Bringing a Radio Program in to Chemistry Class

Radio On Air

As I drive home from work every day in Houston, TX I am greeted by the entrancing voice of Dr. John Lienhard, now an Emeritus Professor of Mechanical Engineering and History at the University of Houston. His radio program, The Engines of our Ingenuity, has aired daily since 1988 and, as he says in his signature signoff, concerns itself with “the way inventive minds work.” The radio program broadly discusses various aspects of human invention, and I do mean broadly. Episodes touch on everything from engineering, physics, and chemistry to philosophy, literature, and the arts.

I have long been fascinated by the stories behind human discoveries and intellectual production. For every equation, every theory, every invention, every great work of literature, there are a multitude of personalities, rivalries, collaborations, and other tales of intrigue. Some are well known, such as the great Leibnitz-Newton debate over the calculus and its notation. Other characters are less well known. Take Johann Loschmidt, whose work helped lay the foundation for the Kinetic Molecular Theory but is often not remembered in textbooks. He was the first to approximate the size of a molecule and the number of molecules in a given volume of gas, but the famous constant to come from this work was named for Amadeo Avogadro. Loschmidt’s name was eventually given to the number density of particles in an ideal gas, an obscure an unused value, at least in most classrooms.

Last year, my students were particularly touched by the story of Harry Moseley, one of the most promising young scientists of the early twentieth century. At one point a student of Ernest Rutherford, he went on to discover that the charge of the atomic nucleus was unique to each element, assigning physical meaning to the atomic number for the first time. Driven by duty to his country, he enlisted in the British Army and was killed at Gallipoli in 1915 at the young age of 27. The author Isaac Asimov wrote that his, “may have been the most costly single death of the War to mankind generally.” My students had recently learned about the Battle of Gallipoli in their history course and were stunned by this additional tragic tale. One came in to class every day for a week and kept repeating, “Why did he go to the war? Imagine what he would have done!”

I love seeing the questions and emotions these stories elicited in my students. Despite my daily efforts to have my students draw conclusions from data and build their own models of matter from observation, the genuine humanity that is present in scientific inquiry sometimes eludes them when they are lost in the weeds of a school year. I am determined to help them see this beautiful side of what we study.

The first way I did this was in my earlier post on the Nature of Science, which is a good accompaniment to this one, as they both try to open students eyes to the broader picture of scientific inquiry, its history, philosophy, and cultural impact. The episode below, entitled “Only a Theory”, would make a good companion to the activity in that post.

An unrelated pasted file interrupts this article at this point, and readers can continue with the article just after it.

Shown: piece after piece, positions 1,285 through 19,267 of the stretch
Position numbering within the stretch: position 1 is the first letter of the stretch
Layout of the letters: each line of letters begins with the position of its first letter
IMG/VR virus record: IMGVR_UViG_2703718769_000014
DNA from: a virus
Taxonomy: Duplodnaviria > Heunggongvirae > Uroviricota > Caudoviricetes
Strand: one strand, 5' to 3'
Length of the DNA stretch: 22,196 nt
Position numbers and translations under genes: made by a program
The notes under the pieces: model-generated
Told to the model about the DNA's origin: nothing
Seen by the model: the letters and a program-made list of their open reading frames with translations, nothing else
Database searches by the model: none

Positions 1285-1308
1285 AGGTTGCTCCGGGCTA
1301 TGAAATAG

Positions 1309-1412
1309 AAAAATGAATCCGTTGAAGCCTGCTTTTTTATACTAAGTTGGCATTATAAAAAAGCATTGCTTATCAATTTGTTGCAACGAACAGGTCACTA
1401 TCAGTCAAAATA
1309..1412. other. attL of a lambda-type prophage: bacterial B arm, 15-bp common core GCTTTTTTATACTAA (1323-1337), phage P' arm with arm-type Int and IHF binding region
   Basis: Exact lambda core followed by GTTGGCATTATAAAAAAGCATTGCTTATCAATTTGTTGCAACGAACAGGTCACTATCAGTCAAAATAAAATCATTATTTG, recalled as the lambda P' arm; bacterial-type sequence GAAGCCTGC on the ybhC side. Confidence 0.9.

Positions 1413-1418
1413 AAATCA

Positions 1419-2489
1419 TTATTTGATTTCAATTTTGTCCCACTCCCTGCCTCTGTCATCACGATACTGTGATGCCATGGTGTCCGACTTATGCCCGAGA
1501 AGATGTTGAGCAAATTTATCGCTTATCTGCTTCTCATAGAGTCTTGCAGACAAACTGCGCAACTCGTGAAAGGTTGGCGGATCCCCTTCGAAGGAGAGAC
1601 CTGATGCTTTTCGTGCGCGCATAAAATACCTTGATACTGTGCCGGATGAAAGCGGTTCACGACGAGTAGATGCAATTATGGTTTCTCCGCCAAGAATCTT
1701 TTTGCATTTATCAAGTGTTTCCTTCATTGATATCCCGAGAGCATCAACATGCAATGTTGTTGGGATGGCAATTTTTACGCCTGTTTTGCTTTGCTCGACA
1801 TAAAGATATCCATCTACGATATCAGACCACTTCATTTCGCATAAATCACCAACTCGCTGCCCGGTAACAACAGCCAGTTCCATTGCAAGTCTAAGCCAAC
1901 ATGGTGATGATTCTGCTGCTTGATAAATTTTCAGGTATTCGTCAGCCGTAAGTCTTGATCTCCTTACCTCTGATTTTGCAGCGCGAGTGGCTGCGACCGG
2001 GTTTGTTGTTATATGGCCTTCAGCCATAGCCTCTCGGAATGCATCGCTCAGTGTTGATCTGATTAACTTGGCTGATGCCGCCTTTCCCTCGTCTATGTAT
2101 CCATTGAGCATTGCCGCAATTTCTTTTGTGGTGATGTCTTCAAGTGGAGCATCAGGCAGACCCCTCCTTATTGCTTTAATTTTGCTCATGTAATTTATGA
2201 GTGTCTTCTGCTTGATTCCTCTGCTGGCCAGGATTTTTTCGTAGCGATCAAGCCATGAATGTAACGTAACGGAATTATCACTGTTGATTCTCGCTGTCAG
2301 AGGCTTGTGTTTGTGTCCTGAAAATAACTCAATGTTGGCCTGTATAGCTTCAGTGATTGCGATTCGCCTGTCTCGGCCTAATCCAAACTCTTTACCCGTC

The next way I am trying to do this is to incorporate Engines of Our Ingenuity episodes in to my classes. A few months ago, I learned that all episodes are available online and searchable. I began compiling a list of relevant episodes for my chemistry courses which I have included below, roughly sorted by topic. I plan to update this list on this post as I continue to add to it.

I currently do not have any structured activity that I have developed to go along with these radio episodes. I usually throw in an episode at the beginning or the end of a class to provide my students with a different avenue through which to engage with the content of the course. For example, after a detailed lesson on voltaic cells and potential difference in my AP Chemistry class, we concluded with “The Magic of Batteries” which provides an elegant and simple description of basic electrochemistry and allows the students to appreciate the wonder and beauty that accompanies the complexities and nuance of our study. Following our development of the Atomic Molecular theory, I shared with them “John Dalton’s Notation” which describes how revolutionary Dalton’s particulate drawings of atoms were in a community that did not fully accept the reality of atoms. My students giggled at Dalton’s love of lawn bowling, and his description as a reclusive, awkward man.

Perhaps we discuss them for a few moments, but I have not developed a larger activity or project yet. Maybe one need not be developed, maybe listening and allowing our minds to enjoy and wonder are enough. Sometimes I don’t think we let our students do that enough.

I hope you take the time to listen to and enjoy these episodes I’ve listed below, and the thousands of others catalogued on the website. I am very curious to hear how you see something like this fitting in to your chemistry class. Do you have any other ideas for how to incorporate them, perhaps in a way that students can more deeply engage with them? I very much look forward to the conversation!

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The searchable database of all episodes is here.

Chemistry Related Episodes from Engines of Our Ingenuity


The Atomic Molecular Theory

John Dalton’s Notation:

Hard Atoms in the Essence of Fire:


Atomic Structure

Modeling the Atom:

Johann Josef Loschmidt:

Robert Millikan:

HGJ Moseley:




A Thermodynamics Class:

Louis de Broglie:

Wrong Hill to Die Upon:


The Elements

Naming the Chemical Elements:





The Magic of Batteries:

The Baghdad Batteries:


The Nature of Science and Science Education

Only a Theory:




The Death of Lavoisier:

Marie Lavoisier:

A Tale of Three Scientists:

The Second Industrial Revolution:

Mass, Length, and Time: